The U.S. Environmental Protection Agency (EPA) has announced it has completed its seven-year, $20 million cleanup of residential and commercial properties in Eureka, Nevada.
Eureka’s lead smelting industry in the late 1800s led to widespread soil contamination, and since 2012, EPA says it has removed more than 56,000 cubic yards of arsenic- and lead-contaminated soil.
“On behalf of EPA staff and contractors, I’d like to extend my gratitude to the community for their collaboration and patience as we worked together on this enormous task,” says EPA Pacific Southwest Regional Administrator Mike Stoker. “Removing soil contaminated with heavy metals protects the health of local Eureka residents.”
After EPA and the Nevada Division of Environmental Protection (NDEP) detected high levels of lead and arsenic in surface soils in 2012, EPA began a comprehensive assessment throughout Eureka, sampling 287 parcels in town. Over the course of six construction seasons, EPA cleaned up 183 properties, placed rock covers over four historic smelter locations, replaced landscaping and installed fencing.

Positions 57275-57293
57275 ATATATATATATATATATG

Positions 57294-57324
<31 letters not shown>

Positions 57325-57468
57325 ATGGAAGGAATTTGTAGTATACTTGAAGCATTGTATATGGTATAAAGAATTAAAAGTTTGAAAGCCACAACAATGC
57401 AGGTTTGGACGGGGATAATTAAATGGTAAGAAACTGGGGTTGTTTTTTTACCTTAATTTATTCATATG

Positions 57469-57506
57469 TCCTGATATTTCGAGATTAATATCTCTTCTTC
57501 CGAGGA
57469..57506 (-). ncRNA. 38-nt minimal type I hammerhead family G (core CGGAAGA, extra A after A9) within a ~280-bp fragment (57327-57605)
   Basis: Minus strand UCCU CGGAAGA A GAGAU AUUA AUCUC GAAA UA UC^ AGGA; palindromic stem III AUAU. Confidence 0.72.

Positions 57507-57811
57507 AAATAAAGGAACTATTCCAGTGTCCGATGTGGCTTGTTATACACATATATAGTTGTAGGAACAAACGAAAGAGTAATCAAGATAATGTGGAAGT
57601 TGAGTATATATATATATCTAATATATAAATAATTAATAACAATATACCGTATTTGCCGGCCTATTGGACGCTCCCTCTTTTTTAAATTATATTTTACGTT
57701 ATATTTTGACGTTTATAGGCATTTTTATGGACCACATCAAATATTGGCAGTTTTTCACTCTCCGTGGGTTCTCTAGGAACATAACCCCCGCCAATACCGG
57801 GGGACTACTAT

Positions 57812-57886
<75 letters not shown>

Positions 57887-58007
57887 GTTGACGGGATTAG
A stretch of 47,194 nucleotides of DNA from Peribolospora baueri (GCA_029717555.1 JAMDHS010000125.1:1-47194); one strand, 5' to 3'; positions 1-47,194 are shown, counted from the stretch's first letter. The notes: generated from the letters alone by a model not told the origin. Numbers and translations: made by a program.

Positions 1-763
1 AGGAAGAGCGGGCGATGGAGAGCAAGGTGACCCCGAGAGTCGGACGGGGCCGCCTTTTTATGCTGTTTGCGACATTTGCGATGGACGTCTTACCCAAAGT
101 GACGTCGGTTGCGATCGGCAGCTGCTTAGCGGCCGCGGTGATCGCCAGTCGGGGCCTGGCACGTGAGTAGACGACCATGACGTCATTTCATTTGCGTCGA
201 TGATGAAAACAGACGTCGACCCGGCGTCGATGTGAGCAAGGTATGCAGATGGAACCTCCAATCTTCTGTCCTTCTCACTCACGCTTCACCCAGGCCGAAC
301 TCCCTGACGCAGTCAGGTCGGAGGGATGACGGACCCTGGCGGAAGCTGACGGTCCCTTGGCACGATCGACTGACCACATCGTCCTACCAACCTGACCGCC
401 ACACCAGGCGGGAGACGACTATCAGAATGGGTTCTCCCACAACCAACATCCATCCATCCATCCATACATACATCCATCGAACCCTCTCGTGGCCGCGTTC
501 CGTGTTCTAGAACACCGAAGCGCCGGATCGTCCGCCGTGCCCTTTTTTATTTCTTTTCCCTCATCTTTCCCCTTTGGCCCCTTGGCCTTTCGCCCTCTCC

“NDEP appreciates the collaborative relationship formed between the EPA, NDEP and Eureka County to make this project a success,” says Greg Lovato, an NDEP administrator. “The cleanup activities conducted by the EPA and the future long-term management of the remedy by NDEP and Eureka County will reduce future exposure to lead and arsenic in this community for generations.”
The work at the Eureka smelter sites included excavation and disposal of contaminated soils at an on-site repository. In addition, EPA installed drainage controls and fencing around one of the large slag piles, while NDEP and Eureka County installed drainage controls and fencing around a second large slag pile.
EPA worked closely with NDEP, Eureka County and the Nevada StateHistoric Preservation Office (NSHPO) during the seven-year effort. Eureka County and NDEP provided logistical and technical support, while NSHPO ensured compliance with historic preservation requirements.
Institutional controls will be managed by both Eureka County and NDEP. The Institutional Control Plan, which provides guidelines to help ensure properties are not re-contaminated, was approved by the Board of Eureka County Commissioners and NDEP.